Visual Techniques: Let Me Show You What I Mean

Visual techniques

You probably use a variety of visual techniques – things that are designed to appeal to the eye.

Obviously, they are used widely in what are primarily ‘visual texts’ – e.g. advertisements, brochures, flyers, and posters. They might be images, banners, shapes, etc. that accompany text. They might or might not include words.

There are other important visual techniques, though, that add an extra dimension to texts that are primarily written.

Mostly, they are meant to:

  • Attract attention
  • Create a first impression or a sub-conscious reaction
  • Direct the readers or clients to specific features
  • Separate or organise various aspects of the text
  • Show how a topic, idea or argument has been broken down (or built up)
  • Create an emotional response.

Visual techniques for immediate impact in written texts

These are some of the ‘first impression’ techniques you might use. Your readers will perceive them immediately – even before they read a word – and your choices can orient them towards (or away from) your writing.

Consider these:

  • Font size and style? Think about how you respond to others’ choices when you read and then consider your readers
  • Use of columns? Is it appropriate for your content?
  • Large, or prominent words? They grab attention but be wary of overusing them. The same applies to uppercase and other accentuating features ( bold, italic, underlining)
  • Spacing? Depending on the font, letter and line spacing might need attention. Crowded text can create reader tension.

Visual techniques as structural features

These are visual techniques you can use to shape and organise your text. They add greatly to your readers’ perceptions of meaning.

Some examples are:

  • Headings / headers / headlines
  • Sub-headings
  • Cross-headings
  • Paragraph spacing
  • Lists
  • Tables
  • Bullet / dash / dot / numbered points
  • Text (and image) boxes.

Don’t underestimate the use of empty space

It improves readability but also creates a pause (however tiny) for focus, a change of idea or direction, or even for reflection. 

All of these features are related to the way your readers engage with, interpret and respond to your words.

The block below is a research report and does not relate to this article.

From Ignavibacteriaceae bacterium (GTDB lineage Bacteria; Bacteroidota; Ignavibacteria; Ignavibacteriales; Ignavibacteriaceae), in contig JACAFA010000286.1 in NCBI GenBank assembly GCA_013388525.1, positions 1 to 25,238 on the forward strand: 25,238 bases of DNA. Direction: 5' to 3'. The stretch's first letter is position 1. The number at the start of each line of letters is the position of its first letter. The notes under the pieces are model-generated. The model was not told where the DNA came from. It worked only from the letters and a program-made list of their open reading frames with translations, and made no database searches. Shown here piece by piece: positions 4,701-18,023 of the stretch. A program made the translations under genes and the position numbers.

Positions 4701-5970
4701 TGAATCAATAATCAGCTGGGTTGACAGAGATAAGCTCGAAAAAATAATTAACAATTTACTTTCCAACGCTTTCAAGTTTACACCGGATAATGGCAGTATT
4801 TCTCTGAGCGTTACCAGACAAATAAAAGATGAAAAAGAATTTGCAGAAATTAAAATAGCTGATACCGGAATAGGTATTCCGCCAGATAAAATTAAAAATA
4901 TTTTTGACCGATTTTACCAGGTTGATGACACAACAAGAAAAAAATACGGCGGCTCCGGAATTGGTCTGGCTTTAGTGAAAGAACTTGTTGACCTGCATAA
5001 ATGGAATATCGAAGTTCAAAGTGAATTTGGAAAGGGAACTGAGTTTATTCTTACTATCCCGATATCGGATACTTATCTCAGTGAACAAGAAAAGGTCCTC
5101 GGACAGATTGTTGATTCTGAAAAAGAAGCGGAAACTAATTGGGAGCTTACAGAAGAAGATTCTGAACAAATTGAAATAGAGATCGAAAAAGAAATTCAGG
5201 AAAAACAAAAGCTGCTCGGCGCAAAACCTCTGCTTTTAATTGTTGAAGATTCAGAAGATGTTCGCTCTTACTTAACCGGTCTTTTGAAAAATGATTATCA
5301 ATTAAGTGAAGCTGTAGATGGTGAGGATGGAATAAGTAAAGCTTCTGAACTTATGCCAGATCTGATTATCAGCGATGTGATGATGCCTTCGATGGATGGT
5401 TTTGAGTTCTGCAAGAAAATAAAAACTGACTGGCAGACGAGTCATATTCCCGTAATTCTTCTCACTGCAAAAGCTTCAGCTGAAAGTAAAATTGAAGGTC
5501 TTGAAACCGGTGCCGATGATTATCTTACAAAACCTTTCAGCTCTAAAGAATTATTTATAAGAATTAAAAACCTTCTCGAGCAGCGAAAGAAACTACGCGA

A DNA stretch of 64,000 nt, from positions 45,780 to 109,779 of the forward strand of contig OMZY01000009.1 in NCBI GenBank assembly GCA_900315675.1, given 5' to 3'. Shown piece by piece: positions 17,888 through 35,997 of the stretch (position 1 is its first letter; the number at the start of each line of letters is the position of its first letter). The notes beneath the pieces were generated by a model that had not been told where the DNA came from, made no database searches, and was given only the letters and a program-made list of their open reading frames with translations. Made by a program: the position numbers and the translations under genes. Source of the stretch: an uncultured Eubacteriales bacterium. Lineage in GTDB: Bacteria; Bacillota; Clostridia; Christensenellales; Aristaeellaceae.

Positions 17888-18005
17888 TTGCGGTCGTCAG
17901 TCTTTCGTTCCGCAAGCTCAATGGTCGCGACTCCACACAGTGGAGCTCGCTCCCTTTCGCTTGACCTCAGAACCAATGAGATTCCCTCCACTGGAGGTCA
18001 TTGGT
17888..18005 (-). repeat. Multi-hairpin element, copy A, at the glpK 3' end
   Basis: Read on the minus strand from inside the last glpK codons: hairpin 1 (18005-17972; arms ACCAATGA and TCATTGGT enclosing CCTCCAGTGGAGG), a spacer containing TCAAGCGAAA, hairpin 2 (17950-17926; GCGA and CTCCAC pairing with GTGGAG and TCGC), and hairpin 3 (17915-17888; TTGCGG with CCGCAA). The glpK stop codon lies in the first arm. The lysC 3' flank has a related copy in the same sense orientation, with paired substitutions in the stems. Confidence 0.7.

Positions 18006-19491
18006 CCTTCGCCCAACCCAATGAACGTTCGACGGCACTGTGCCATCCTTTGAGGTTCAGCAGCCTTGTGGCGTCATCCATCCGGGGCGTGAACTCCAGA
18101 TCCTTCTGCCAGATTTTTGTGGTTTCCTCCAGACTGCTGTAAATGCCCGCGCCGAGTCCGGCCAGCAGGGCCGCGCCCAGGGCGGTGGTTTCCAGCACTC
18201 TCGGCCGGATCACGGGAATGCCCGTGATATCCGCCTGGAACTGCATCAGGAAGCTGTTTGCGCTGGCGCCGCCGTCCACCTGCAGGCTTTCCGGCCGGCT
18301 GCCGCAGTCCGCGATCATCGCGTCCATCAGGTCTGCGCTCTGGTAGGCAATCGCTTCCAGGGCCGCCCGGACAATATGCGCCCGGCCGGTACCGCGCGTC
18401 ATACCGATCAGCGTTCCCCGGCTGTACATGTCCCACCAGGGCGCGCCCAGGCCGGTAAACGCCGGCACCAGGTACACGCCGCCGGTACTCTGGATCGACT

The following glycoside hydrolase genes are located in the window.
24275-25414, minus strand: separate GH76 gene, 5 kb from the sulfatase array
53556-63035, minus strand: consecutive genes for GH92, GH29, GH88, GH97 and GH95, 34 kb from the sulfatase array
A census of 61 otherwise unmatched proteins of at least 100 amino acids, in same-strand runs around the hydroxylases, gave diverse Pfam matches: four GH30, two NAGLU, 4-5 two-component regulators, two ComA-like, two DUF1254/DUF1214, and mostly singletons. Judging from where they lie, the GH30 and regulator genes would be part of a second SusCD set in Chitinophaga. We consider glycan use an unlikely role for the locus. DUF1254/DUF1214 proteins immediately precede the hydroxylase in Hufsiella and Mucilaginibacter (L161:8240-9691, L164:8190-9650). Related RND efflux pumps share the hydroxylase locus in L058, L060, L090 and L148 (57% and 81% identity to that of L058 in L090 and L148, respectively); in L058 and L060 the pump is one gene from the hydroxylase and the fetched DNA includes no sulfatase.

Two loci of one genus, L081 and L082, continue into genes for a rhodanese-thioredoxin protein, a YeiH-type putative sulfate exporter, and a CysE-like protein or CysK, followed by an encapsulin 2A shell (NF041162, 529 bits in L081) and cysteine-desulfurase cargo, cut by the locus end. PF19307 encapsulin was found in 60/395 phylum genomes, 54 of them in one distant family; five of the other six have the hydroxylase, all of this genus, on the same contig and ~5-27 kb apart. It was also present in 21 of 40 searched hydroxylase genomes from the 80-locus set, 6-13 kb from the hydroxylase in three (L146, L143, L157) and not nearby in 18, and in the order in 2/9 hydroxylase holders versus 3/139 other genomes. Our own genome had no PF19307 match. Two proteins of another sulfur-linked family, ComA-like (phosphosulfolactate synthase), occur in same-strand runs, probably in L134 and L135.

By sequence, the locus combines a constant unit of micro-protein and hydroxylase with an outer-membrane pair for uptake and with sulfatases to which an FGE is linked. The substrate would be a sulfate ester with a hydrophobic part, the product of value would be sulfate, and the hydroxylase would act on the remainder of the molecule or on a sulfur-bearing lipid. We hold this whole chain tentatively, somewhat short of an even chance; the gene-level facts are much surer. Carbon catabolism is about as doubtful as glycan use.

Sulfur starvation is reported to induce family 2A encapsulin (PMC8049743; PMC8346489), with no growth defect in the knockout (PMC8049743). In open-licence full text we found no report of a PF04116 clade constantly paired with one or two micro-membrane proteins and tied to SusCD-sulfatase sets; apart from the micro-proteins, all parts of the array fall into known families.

Images are visual techniques with bonuses

You already know that images in your text are more than ‘pretty pictures’.

As well as the technical and visual appeal of images, which you probably have covered, also think about how images add unity or consistency to your text. 

For example:

  • Does the type of image appeal to the same audience as your text does?
  • Do the images have a symbolic meaning or association that furthers the message of the text?
  • Do the size, colours, borders or decorative features of the image complement the surrounding text or overwhelm it? 
  • Do the images appeal to the senses or to the emotions in the way you want your text to do?
  • Are the captions in sympathy with the style of writing, or ‘voice’, of your text? Do they ‘look like you’, to the same extent the text ‘sounds like you’ – whatever you’ve decided the ‘you’ of your writing should be. 

And finally

The most important point is a simple one:

Whatever visual techniques you use, it is essential you know why you have used them.

Ask yourself:

  • How are they related to your purpose?
  • What effect would you like them to have on your audience?

Whatever doesn’t serve your purpose and audience well probably shouldn’t be there.

Read about more ways to Lift Your Language.

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